16 JANUARY 1948, Page 1

Palestine Perils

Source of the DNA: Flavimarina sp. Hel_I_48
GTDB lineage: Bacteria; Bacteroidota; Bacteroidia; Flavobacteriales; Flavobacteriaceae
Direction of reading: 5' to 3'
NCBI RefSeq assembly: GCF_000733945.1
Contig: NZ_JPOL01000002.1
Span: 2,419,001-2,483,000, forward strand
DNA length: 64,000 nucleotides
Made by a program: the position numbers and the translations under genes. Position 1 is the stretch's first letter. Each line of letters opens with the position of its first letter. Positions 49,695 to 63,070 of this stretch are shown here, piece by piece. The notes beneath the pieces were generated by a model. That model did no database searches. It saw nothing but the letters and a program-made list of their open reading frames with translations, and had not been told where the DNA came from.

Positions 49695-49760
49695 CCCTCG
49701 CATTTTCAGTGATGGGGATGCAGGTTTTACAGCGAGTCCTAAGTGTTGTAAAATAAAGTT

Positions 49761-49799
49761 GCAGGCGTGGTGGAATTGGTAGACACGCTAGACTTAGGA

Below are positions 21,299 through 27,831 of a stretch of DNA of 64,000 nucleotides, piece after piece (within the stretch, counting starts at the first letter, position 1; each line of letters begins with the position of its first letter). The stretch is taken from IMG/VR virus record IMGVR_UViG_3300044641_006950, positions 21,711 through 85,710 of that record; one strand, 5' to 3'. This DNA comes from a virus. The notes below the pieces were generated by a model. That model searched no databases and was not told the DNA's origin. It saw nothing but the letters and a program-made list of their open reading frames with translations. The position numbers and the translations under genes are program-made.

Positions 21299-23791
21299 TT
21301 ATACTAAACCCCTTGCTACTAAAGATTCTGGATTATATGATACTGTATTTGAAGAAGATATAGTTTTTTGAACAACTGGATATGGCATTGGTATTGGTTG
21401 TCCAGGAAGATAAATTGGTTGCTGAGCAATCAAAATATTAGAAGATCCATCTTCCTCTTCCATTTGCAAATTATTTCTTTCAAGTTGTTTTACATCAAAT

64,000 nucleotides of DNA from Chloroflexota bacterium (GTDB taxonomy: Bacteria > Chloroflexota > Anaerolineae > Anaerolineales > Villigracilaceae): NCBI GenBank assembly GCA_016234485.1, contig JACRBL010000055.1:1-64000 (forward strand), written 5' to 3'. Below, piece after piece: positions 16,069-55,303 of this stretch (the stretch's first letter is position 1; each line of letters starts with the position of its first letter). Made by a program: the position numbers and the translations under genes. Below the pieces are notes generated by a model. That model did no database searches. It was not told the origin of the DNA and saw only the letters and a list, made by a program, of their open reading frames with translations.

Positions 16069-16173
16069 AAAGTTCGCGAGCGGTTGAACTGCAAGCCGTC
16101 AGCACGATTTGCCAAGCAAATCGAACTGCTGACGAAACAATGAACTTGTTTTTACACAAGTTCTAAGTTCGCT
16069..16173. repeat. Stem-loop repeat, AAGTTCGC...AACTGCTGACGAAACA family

The United Nations Palestine Commission, still at Lake Success, has heard Sir Alexander Cadogan in secret session explain Britain's plans for co-operating with, and presumably handing over to, the Commission when it reaches Palestine. Details of the operation need to be kept secret, and it is to be hoped they will be, but present plans may have to be modified radically by the development of events. Palestine is moving towards civil war, not away from it, and only the presence of British troops prevents it from flaming up immediately. The irruptions of Arabs from Syria in the past week have not been on a formidable scale, but they give sinister warning of what may come. So on the other side do the seizures in the United States of large quantities of explosives destined for the Jewish Agency in Palestine. The Jews apparently propose to ask the United Nations to organise a force to defend partition in Palestine and to re-organise Jewish action for the same purpose. The Military Correspondent of The Times on Wednesday analysed the military prospect in Palestine in the event of open war between Jews and Arabs, concluding that in the absence of outside intervention—a proviso the importance of which he under- lined—Arab partisans would put the Jews in a very difficult position. This, of course, is and always has been a case for the use of an international United Nations force, and M. Trygve Lie has actually talked of such a thing ; but the Charter provisions for such action have remained a dead-letter from the first, and now that the need has arisen in an urgent form the Organisation will to all appearance remain stultified—as its own Commission seems pessimistically to realise. But if fighting in Palestine cannot be prevented it is impera- tive that it be isolated.